No sex is in the book--I like that. There is some bad language, but the concept of true Christian faith is also in the book. The women are strong, and the blacks are so willing to stand up for their rights in spite of the consequences. In fact, some of them see it as a chance to have a fresh start.

If you enjoy historical fiction, this book would suit you. If you have strong feelings about civil right and equal rights for women, you would like the views of this book. If you like a good romance, sorry, this book really doesn't have that. And if you come into this book with racist/prejudiced views, you will probably hate it as the woman who runs the town, Hilly, did. It is definitely one that will stick with you!

By Nada BN 23 Aug 2013 5

The novel is written from the personal point of view of two black maids- Abileen and Minny and a white and emancipated young woman Skeeter Phelan which takes a revolutionary decision to write down the real life stories of black maids. These three persons are shown as contemporary heroines which put human and specially women rights in the 60th in question and show what an amount of courage is needed to attack if not change the fixed ideas on social differences in a small provincial town of Mississipi. The novel wants to be optimistic and funny so it leaves out a more profound analysis of social background and causes for white predominance and insists on hope that time can improve the relationships between the two classes.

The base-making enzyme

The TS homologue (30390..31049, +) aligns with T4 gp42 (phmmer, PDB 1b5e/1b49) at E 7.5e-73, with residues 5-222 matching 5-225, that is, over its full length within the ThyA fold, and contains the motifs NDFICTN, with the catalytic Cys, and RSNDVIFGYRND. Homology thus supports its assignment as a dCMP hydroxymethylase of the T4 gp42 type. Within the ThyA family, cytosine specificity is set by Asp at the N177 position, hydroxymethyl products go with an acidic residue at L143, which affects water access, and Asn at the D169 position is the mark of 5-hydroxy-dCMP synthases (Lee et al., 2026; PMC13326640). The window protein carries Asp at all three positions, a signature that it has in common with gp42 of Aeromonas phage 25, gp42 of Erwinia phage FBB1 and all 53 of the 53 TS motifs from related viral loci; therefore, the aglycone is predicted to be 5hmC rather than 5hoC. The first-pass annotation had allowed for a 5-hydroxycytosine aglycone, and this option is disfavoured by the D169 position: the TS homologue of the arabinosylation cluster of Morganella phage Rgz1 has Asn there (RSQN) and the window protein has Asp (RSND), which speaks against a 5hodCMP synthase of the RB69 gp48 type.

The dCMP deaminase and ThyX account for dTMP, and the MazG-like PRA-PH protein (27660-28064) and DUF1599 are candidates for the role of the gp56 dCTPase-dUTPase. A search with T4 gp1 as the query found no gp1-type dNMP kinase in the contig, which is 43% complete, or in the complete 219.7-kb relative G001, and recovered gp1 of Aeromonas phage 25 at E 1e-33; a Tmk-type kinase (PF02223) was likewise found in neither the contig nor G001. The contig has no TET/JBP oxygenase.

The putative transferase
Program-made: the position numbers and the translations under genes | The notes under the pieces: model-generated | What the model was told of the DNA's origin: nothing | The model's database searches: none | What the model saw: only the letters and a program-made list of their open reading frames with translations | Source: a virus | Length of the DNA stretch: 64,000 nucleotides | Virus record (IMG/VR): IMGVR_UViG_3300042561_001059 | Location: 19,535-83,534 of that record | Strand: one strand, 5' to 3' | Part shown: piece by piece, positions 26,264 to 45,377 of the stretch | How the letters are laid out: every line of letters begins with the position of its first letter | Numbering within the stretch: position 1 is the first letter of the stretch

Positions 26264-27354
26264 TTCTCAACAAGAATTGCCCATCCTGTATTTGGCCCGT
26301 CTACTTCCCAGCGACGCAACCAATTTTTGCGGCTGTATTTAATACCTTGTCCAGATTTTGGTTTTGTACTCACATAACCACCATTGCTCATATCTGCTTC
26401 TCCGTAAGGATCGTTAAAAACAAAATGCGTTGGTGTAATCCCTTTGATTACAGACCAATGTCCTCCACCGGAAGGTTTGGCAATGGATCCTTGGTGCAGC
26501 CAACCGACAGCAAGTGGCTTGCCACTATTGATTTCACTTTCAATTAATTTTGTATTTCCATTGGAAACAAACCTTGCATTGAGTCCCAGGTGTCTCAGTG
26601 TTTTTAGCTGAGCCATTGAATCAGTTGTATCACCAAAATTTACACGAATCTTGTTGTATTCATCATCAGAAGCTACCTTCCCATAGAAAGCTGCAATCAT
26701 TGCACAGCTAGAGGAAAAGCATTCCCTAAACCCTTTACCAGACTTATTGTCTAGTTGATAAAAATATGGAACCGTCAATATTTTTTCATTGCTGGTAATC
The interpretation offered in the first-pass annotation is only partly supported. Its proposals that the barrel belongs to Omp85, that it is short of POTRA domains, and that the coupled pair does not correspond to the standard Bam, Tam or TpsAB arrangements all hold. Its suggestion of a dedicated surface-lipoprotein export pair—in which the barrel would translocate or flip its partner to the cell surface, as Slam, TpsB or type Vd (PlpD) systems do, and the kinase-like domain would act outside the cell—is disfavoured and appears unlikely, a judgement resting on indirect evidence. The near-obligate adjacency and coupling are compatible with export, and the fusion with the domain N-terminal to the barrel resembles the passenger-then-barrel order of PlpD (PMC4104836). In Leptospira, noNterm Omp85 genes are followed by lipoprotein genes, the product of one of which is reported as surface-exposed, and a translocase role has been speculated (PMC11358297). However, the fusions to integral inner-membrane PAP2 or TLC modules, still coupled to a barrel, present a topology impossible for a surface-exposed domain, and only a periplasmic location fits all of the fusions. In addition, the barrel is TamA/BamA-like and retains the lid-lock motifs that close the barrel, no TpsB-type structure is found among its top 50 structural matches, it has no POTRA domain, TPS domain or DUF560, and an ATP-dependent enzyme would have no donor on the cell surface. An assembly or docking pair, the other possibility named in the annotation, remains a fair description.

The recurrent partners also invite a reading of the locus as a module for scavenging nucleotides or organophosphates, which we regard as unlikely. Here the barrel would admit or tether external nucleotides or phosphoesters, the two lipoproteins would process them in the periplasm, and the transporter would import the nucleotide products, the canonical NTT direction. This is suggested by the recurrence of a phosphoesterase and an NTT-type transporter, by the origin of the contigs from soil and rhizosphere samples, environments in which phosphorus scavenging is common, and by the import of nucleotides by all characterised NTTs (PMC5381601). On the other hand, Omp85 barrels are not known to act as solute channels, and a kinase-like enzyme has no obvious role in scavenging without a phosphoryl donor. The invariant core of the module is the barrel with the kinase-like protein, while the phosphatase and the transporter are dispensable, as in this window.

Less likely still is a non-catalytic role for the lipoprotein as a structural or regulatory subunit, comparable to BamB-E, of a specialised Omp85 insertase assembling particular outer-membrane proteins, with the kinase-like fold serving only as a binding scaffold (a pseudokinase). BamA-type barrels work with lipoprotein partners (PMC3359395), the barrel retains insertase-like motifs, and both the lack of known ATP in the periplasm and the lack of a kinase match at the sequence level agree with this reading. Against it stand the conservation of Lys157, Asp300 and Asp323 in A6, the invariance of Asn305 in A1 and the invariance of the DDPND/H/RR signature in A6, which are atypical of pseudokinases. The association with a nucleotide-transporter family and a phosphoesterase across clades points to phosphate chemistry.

By Pauline O'Keeffe 16 Sep 2012 5

I went between laughing and crying which is a great sign of great work. Brilliant and well written

By Anna Bochenek 28 Feb 2012 5

A great read, the perfect book to read whilst sitting at the beach.
The descriptions of the characters were so vivid. Some bits were hilarious whilst other parts were very moving. I would highly recommend this book. It was really hard to put this book down as it was so well written.